Like Valerie Moody, Eddie Chumey and Batya Wootten both go into great detail explaining the prophetic significance of each Feast as it relates to Messiah Yeshua. Likewise, Barney Kasdan in God’s Appointed Times has a section in the individual chapters for each Feast titled The Prophetic Fulfillment. Moishe Rosen, founder of Jews for Jesus, authored Christ in the Passover, and David Brickner, executive director of the same organization, wrote companion books Christ in the Feast of Pentecost and Christ in the Feast of Tabernacles. Clearly, every one of these sacred celebrations points in some way to our Messiah Yeshua.
What Are These Seven Festivals?
Let’s list them along with a brief description and a few Scriptures, not including the prophetic significance to which we have already alluded.
“This powerful biblical holiday commemorates the Exodus story – the deliverance of Israel from their slavery in Egypt” (David Wilbur, A Christian Guide to the Biblical Feasts). Passover is not a full-day observance. It is described as being “on the fourteenth day of the month at twilight” or literally “between the evenings” in Hebrew. Passover is at the very end of the fourteenth day of the first month, starting immediately before and spilling over into the beginning of the Feast of Unleavened Bread. Passover is mentioned numerous times in both the Old and New Testaments. This name is sometimes used to describe the entire Feast of Unleavened Bread. (Exodus 12, Leviticus 23:5, Numbers 28:16-25, Deuteronomy 16:1-7.)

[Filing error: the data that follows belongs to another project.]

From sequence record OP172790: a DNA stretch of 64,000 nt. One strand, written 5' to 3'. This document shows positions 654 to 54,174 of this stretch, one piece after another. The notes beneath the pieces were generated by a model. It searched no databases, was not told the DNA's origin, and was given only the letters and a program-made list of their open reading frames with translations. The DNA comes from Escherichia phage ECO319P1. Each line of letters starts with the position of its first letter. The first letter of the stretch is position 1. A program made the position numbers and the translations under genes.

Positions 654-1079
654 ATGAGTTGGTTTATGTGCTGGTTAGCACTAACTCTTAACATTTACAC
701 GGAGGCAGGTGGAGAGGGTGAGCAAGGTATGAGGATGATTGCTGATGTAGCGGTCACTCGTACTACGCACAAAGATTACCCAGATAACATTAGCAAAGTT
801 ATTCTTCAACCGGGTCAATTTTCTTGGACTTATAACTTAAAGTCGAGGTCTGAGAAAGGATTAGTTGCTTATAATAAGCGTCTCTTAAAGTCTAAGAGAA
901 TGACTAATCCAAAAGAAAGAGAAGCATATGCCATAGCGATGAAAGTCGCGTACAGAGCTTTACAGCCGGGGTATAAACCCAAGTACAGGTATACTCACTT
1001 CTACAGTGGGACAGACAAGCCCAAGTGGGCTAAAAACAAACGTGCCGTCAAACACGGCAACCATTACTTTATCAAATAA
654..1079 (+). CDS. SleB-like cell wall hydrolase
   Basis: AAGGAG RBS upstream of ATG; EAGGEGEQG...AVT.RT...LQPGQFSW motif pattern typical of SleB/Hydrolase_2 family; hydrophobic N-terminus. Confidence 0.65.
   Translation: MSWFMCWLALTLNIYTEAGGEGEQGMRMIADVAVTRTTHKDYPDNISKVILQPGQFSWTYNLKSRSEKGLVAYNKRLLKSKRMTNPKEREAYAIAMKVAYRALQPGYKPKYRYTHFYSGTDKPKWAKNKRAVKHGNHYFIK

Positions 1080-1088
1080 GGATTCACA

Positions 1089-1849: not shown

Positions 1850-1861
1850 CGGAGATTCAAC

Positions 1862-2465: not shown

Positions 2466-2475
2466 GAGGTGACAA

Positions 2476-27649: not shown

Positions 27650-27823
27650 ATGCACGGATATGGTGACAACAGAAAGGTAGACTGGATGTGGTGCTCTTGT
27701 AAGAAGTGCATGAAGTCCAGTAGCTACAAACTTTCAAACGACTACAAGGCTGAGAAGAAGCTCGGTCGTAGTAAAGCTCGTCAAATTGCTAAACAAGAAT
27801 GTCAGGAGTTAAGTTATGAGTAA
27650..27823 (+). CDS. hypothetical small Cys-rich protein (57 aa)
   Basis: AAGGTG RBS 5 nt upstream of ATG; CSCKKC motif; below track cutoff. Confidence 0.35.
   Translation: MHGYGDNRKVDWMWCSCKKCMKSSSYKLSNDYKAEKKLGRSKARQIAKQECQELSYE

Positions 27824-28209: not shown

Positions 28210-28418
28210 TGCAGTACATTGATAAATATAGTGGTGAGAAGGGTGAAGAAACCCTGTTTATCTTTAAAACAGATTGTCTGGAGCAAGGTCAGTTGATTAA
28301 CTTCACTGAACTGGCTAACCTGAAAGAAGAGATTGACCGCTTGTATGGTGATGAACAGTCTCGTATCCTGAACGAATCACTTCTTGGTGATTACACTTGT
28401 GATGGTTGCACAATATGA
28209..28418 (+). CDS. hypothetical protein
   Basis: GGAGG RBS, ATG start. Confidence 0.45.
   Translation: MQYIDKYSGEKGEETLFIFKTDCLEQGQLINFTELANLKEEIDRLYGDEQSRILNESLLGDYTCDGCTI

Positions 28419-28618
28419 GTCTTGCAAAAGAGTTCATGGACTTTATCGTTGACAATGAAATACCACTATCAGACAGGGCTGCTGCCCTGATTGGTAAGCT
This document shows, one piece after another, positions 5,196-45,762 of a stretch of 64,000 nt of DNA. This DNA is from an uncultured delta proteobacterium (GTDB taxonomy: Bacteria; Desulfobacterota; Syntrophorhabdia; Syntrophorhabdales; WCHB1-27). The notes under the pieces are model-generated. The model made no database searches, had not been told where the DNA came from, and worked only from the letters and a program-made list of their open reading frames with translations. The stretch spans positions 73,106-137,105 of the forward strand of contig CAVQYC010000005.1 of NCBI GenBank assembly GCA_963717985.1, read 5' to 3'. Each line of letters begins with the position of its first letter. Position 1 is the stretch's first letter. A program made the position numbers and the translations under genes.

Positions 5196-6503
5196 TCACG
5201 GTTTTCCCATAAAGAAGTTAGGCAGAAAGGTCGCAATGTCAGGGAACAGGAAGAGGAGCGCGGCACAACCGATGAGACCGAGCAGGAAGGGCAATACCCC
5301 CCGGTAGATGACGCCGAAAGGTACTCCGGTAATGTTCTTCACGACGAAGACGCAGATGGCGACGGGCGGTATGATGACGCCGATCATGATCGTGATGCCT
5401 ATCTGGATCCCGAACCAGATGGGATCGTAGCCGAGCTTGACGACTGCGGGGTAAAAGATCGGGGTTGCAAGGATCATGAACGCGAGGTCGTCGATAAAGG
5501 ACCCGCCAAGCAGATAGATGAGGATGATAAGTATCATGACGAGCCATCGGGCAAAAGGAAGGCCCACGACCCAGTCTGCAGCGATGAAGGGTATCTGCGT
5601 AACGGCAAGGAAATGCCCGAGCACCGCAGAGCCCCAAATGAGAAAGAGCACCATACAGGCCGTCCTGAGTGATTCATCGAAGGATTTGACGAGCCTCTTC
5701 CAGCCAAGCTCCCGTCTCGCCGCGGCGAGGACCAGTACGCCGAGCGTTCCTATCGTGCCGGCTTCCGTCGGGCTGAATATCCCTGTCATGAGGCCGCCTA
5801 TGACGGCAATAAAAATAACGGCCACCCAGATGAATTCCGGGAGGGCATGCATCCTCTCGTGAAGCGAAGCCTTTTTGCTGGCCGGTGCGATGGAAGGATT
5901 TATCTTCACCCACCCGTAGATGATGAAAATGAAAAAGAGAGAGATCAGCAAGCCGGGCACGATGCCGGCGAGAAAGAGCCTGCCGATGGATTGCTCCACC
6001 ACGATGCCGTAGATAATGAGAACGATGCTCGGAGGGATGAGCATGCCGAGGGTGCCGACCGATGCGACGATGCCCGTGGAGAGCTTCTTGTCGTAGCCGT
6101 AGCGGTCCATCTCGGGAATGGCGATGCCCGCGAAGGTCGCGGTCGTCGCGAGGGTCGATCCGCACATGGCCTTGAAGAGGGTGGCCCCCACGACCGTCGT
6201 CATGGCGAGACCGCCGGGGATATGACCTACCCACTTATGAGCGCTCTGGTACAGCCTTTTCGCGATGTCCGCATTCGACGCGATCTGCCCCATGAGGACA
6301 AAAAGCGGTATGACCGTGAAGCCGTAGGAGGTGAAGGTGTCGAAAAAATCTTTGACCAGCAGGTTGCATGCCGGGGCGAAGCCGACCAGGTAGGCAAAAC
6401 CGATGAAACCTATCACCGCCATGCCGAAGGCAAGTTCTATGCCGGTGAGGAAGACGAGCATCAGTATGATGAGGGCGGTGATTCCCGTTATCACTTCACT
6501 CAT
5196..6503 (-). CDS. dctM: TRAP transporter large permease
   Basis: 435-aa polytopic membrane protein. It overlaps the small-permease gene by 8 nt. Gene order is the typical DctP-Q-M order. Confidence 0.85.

2. Unleavened Bread
The Feast of Unleavened Bread immediately follows the Passover meal and commemorates that the Israelites left Egypt quickly before their bread had time to rise. This Feast begins on the fifteenth day of the first month and goes for seven days, ending on the twenty-first day. It is mentioned frequently in the Old and New Testaments, often in connection with Passover. (Exodus 12, Leviticus 23:6-8, Numbers 28:16-25, Deuteronomy 16:3-8.)
3. First Fruits